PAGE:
“Come be warm, Einar. I have to thaw the stew and heat a pot of water, and then you’ll have some good hot tea to sip. It’ll help. Your hands need it.”
He nodded, held bloodless hands out to the flames but she gently pushed them away. “You’ll burn yourself. Wait. It’s your body that needs warming, not your hands. The blood will start flowing again, just as soon as we get the rest of you warm.”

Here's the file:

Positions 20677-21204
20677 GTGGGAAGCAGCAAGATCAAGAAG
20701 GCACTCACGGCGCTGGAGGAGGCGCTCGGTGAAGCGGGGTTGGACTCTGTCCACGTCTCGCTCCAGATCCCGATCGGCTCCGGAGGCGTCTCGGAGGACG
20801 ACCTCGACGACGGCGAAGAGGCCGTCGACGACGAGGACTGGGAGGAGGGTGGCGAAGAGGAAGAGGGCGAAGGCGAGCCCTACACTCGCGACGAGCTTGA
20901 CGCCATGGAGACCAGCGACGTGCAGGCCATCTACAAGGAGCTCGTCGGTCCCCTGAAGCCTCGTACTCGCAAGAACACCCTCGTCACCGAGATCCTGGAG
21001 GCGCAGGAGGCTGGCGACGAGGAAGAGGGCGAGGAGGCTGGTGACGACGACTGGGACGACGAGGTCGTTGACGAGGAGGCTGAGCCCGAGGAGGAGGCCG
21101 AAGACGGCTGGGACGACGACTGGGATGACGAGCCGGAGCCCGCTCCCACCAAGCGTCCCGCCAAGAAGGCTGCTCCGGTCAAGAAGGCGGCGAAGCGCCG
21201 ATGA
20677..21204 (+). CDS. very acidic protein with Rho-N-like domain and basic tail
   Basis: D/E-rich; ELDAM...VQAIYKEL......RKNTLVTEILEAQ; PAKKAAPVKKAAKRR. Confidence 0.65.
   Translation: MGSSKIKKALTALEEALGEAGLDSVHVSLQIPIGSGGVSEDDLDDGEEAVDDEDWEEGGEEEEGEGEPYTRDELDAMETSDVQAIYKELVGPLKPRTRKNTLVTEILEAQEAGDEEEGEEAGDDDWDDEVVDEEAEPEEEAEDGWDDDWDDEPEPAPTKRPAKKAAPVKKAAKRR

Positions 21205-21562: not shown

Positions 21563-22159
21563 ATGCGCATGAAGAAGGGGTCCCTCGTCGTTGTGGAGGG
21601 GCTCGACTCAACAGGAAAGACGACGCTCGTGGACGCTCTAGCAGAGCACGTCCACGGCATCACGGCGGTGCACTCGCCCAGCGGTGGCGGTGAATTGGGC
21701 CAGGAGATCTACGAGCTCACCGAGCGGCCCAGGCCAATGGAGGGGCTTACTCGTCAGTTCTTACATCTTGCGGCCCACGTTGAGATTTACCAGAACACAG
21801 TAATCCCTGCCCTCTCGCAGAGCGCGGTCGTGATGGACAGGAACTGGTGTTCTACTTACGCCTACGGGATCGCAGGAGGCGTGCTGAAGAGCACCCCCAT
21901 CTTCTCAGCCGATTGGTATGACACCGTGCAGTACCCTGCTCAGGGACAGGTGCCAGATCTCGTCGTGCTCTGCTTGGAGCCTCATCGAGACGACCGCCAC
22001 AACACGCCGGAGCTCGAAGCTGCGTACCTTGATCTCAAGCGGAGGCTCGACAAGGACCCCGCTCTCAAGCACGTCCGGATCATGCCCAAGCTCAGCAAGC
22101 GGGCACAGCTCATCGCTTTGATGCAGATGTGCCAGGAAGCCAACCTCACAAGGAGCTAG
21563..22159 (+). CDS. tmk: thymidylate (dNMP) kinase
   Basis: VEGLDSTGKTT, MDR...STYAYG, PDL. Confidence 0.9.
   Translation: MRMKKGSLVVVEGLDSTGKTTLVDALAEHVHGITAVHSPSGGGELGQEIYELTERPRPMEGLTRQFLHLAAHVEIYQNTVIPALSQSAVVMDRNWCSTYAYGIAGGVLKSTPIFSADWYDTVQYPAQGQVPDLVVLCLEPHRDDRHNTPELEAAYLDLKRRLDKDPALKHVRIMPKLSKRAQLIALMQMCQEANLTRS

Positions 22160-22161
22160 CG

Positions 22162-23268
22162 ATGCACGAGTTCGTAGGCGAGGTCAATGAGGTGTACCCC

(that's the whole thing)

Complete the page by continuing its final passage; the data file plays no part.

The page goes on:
Another nod. Of course she was right; how often he’d warned her of the same thing, of the need to avoid accidentally burning numbed, compromised extremities by exposure to too much heat while they lacked the blood flow to adequately use the added warmth without scorching, in the process, only somehow it seemed he must have managed to forget the fact, and then the next thing he knew he was lying face down on the floor and his nose was bleeding, dirt in his mouth and Liz hovering over him, making some remark about how he really ought to try and aim for the bed, next time. He grinned--sure, sounded about right to him, and would save a lot of mess on the floor, besides--sat up and leaned back against the wall, dizzy with the warmth of the stove and feeling for the first time since his long night out on the cliffs both relaxed and warm enough at the same time to risk closing his eyes in sleep without imminent risk of succumbing to the elements.